• Regularly empty buckets of water or old feed bins, especially after rain.
  • Add plants to swamp areas to decrease water-logged soils.
  • Close off access to pastures or areas where horses graze near static or stagnant water sources.
  • Redesign areas where drainage is poor to improve water runoff.
  • Make use of natural predators of mosquito larvae, such as fish in ponds.
  • Promote a balanced ecosystem using birds or bats to prey on mosquitoes.
  • Clean and fill troughs regularly with fresh water and ensure that water tanks have tight seals. 
  • Chemical treatments pose a risk of promoting pesticide resistance, so carefully consider the chemicals used and alternate them regularly to avoid breeding resistant mosquitoes.

Stable managers or horse owners must ensure that stables are not open to the elements and that horses undergo regular treatments with insect repellents.

Vaccination is the best way to prepare any horse for an EEE challenge. The American Association of Equine Practitioners considers vaccinations for EEE and WEE to be core prophylaxis for all horses living in or traveling to North America. 

The EEE / WEE vaccines offer enough protection to prevent severe morbidity and mortality if administered annually or every six months in high-risk areas. Some studies have shown that vaccinating against EEE and WEE leads to possible cross-immunity against VEE.

The vaccine consists of two separate doses. The primary vaccine administration can occur at any time of the year, but the best time is towards the end of autumn or the beginning of spring. The second dose booster must occur two to four weeks after the primary vaccine date.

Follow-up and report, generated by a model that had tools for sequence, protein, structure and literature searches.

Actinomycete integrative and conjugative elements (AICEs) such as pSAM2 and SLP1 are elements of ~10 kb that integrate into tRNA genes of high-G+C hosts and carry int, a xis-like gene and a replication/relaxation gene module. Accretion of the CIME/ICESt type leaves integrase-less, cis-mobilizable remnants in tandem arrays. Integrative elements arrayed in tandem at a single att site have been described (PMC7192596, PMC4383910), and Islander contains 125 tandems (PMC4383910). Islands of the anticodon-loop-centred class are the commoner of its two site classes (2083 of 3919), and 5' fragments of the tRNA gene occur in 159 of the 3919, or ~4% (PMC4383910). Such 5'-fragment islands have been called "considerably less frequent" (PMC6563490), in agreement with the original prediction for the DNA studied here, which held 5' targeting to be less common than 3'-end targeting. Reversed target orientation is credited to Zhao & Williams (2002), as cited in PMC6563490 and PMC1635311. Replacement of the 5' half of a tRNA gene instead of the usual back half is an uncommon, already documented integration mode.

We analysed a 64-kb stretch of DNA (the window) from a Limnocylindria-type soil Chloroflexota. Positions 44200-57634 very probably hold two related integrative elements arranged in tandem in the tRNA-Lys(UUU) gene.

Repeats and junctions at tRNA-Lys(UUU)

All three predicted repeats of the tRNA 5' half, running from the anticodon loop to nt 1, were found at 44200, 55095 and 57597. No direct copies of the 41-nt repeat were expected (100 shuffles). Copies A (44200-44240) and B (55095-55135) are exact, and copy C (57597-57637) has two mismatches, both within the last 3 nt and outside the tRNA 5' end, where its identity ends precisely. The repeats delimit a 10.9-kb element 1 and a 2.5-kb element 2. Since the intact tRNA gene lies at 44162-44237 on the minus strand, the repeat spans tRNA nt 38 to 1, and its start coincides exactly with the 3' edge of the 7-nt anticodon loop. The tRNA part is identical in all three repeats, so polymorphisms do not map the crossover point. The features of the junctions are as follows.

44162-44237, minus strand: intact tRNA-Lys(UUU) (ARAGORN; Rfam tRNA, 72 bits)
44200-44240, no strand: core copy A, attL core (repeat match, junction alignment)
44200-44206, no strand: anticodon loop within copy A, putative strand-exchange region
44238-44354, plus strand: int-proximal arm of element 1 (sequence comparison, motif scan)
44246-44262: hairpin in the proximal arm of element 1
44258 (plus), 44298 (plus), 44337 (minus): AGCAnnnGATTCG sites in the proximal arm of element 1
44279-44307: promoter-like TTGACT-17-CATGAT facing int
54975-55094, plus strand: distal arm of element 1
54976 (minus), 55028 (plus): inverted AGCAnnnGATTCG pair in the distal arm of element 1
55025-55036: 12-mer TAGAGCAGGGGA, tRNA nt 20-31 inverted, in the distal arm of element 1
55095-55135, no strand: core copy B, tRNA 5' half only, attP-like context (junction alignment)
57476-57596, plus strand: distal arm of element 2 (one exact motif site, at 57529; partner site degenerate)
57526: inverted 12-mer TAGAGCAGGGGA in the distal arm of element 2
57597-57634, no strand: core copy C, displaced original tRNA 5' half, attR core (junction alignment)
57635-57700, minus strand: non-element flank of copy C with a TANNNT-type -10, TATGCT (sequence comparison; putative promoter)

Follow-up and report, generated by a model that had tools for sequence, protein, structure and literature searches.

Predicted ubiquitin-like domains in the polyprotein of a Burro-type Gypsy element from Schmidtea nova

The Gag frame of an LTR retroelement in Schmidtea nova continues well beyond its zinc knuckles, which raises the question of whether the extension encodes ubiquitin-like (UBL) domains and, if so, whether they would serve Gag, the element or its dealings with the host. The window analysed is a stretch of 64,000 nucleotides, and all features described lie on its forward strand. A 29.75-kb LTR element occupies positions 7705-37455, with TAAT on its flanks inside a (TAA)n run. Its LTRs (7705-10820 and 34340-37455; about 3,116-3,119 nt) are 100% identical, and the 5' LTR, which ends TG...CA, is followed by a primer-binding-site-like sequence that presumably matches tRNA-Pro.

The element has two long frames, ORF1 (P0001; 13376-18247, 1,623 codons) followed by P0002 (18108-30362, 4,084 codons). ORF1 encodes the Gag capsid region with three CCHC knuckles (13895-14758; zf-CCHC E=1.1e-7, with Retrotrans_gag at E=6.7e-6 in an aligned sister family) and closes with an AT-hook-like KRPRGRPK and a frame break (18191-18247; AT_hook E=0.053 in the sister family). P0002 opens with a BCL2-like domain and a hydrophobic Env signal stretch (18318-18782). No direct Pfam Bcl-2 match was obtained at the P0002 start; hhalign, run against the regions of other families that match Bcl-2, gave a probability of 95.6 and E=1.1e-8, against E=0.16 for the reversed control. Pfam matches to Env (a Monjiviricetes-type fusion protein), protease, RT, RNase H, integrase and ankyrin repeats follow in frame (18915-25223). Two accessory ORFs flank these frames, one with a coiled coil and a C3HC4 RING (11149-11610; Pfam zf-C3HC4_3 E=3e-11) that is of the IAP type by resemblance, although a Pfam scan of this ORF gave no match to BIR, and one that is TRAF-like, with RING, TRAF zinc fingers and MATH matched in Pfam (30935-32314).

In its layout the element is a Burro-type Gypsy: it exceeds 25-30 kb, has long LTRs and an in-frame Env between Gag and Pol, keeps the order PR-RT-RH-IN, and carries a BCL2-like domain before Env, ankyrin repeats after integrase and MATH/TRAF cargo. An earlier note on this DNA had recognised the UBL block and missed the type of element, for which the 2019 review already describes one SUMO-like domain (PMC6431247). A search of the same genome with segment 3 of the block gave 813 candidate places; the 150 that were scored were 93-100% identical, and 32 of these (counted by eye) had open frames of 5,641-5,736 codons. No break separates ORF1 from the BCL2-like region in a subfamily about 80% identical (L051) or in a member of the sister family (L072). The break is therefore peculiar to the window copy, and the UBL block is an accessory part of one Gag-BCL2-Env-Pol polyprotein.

Is the Virus Dangerous?

Eastern equine encephalitis is dangerous because it has serious and life-threatening effects on humans. Horses cannot spread the disease to people, and people cannot infect one another. Only mosquitoes carry the virus and transfer the infection of EEE to mammalian hosts.

Although rare, the danger of the virus lies in the severity of the disease it causes. A third of people infected with EEE die, and those who survive often suffer from secondary chronic physical and neurological complications. Two-thirds of EEE patients recover, but they show signs of mild to severe brain damage.

People at a high risk of contracting the virus live and work in outdoor settings or partake in regular outdoor activities in the vicinity of wooded swamp areas. People over the age of fifty and under the age of fifteen are more likely to develop a severe form of EEEV. Immunocompromised individuals face a death sentence if they contract the virus.  

There are no vaccinations available for humans, so the only way to prevent infection with the EEE virus in endemic areas is to apply insect repellents, dress in long-sleeved shirts and pants when outdoors, and enforce environmental insect control measures. 

Causes and Transmission

​​The cause of sleeping sickness in horses is an alphavirus from the Family Togaviridae. The primary EEE vector is Culiseta melanura, the black-tailed mosquito. The virus circulates among wild birds, rodents, and reptiles mainly. Humans and horses are incidental hosts as they cannot transmit the virus to other organisms.

The mosquitoes lay their eggs in wetlands, stagnant water sources, or swamps. The mosquitos bite an infected animal and transmit the virus to a human or equine host when they feed on their blood. Other biting insects, ticks, or nasal secretions can also transmit EEV.

The geographical distribution of high-risk EEE areas ranges from Southern Texas, California, Louisiana, Mississippi, Alabama, and the West Coast of Florida.

Haflinger horses on pasture

Final Verdict

Sleeping sickness in horses is preventable if owners comply with annual core vaccination requirements and strive to limit exposure to potential equine encephalitis vectors. EE is a severe and deadly virus for both humans and horses, so it is vital to monitor reported cases, especially if they are nearby. 

The sudden onset and severity of the virus’s symptoms make EEE a frustrating and discouraging disease to treat. Prioritize your horse’s welfare in endemic regions and ensure they get their annual vaccinations. Read our article and find out What You Should Know About The Five-Way Horse Vaccine.